Bruce Harrell will be Seattle’s next mayor, defeating M. Lorena González in a race dominated by competing approaches to homelessness and public safety.
As more votes were counted Thursday, Harrell declared victory in a campaign email, thanking his supporters, telling them“We did it” and promising to govern with the “urgency and humility that this moment requires.” González conceded, saying she had called Harrell to congratulate him.
Harrell has 62% of the votes in the mayoral contest, with about three-fourths of ballots tallied as of Thursday. He’ll be Seattle’s 57th mayor, the city’s first Asian American mayor and its second Black mayor.
The 63-year-old former City Council president, who starred on the University of Washington football team and worked as a lawyer before entering politics, is already moving into mayor mode, encouraged by “over 500 emails and text messages” from excited supporters, he said in an interview Thursday from a transition office at the Seattle Municipal Tower.
“I’m high-energy, and I’m up for it,” said Harrell, who ran as more of a moderate, whereas González, 44, the council’s current president, ran as a self-described progressive.
In her concession statement, González said: “With today’s ballot drop, it’s clear that Bruce Harrell will be the next mayor of Seattle. Earlier, I called him to congratulate him on a hard-fought race and wished him much luck in his efforts to make progress on the challenges Seattle faces.”
González had declined to concede on Tuesday night, despite a huge initial lead for Harrell, hoping for a swing from ballots returned just before the deadline. But she gained only slightly Wednesday and Thursday as turnout in Seattle climbed above 54%.
Harrell, who served on the council from 2008 to 2019, cast himself as a political unifier while pledging to ramp up help for unsheltered people and to keep the city’s parks clear of homeless encampments.
He criticized González’s support last year for defunding the police in order to fund community services and alternative solutions, saying he in contrast would push to hire more armed officers and unarmed first responders. His campaign was backed by a number of longtime civic leaders of color, and his candidacy was boosted with political spending by real-estate executives and other business interests.
Raised in the Central District by a Black father who worked for Seattle City Light after leaving the Jim Crow South and a Japanese American mother who worked for the public library after being incarcerated as a child by the government during World War II, Harrell mentioned his parents in his email to supporters Thursday, saying “the barriers they overcame” and their hard work “inspired me to give back through advocacy and public service.”
In his email, Harrell said his mayoral bid was rooted in “principles of equity and justice,” and a belief in Seattle residents’ shared values.
On the campaign trail, “We spent countless hours greeting voters at grocery stores and farmers markets across Seattle, listening to the stories and ideas and priorities of our neighbors. What we heard time and again was a belief in our city despite the many challenges we face – and conviction that we can do better. And now, together, the real work begins,” he added.
González based her campaign on a willingness to tax large corporations and the wealthy for affordable housing, saying she would seek to avoid forcible removals of encampments. With strong labor-union support, she vowed to be a champion at City Hall for workers and renters, and she spoke about her background as the child of farmworkers in Central Washington, with parents who were undocumented when they first arrived from Mexico.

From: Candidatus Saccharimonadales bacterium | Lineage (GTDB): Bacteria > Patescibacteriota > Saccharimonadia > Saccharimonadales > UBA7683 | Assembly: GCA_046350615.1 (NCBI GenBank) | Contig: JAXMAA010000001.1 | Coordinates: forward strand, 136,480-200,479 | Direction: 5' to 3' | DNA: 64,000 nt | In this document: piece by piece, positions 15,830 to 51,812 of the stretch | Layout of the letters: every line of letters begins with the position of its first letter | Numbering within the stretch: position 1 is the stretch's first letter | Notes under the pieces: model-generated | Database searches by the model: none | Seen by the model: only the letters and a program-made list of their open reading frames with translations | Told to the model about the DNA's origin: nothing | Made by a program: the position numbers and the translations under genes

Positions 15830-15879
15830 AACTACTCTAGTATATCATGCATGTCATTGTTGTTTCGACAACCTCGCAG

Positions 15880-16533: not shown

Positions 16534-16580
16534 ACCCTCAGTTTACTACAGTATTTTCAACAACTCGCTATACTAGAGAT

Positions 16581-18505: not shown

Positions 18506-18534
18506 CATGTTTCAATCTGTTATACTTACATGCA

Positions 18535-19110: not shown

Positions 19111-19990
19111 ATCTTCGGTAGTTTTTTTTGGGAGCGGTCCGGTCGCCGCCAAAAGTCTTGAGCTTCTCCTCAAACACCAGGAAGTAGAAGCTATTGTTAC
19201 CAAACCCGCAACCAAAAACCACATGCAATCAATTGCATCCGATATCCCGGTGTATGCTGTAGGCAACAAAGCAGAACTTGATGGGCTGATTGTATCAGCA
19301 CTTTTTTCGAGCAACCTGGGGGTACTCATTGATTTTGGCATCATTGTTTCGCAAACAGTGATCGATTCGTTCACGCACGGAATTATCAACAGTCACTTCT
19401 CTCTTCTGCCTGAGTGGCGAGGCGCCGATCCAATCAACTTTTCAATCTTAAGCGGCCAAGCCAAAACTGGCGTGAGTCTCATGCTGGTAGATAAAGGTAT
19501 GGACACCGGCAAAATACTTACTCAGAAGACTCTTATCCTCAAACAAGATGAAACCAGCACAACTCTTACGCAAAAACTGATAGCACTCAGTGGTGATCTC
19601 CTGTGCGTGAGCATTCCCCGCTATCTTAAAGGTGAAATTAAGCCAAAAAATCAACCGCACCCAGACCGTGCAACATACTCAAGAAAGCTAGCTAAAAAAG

In her concession statement, she thanked her supporters and urged them to stay engaged.
“Our work continues because the struggles people in Seattle face remain,” she said. “Together, we shaped the conversation on our city’s most pressing issues, and Mayor-Elect Harrell made commitments in response … to not criminalize poverty, to expand progressive revenue sources, to demilitarize the police and invest in alternative responses … and to rapidly create appropriate shelter and not forcibly sweep the unhoused from public spaces.”
About 118,000 additional ballots were counted Thursday across King County, including about 46,000 in Seattle, allowing left-lane candidates to gain ground in several contests.
González, who trailed Harrell by 30 percentage points Tuesday night, narrowed that gap to 24 points Thursday, securing 45% of the additional votes. About 67,000 returned ballots still need to be counted in Seattle; González would need to win an overwhelming portion to catch up.
In recent years, Seattle results have swung for left-leaning candidates after election night, due to younger and progressive voters returning their ballots later. No race has swung morethan about 12 percentage points, however.
Harrell will enter office on Jan. 1, with a transition period before that. He’ll replace current Mayor Jenny Durkan, who declined to run for reelection after a tumultuous 2020 that included the emergence of the COVID-19 pandemic, economic upheaval, the shutdown of the West Seattle Bridge and mass demonstrations against racial injustice in the wake of George Floyd’s murder.
“I’ve known Bruce for over 30 years, and I know as Mayor he will work hard for the people of Seattle,” Durkan said in a statement Thursday, promising a “seamless transition” and thanking González for her service at City Hall.
Durkan added, “Voters showed their commitment to a just and hopeful future for all Seattle residents. I know Bruce wants every family to thrive in Seattle. He will bring people together to tackle the tough challenges we face on COVID-19, homelessness, public safety and climate change. I hope all of Seattle joins to support him in these critical times.”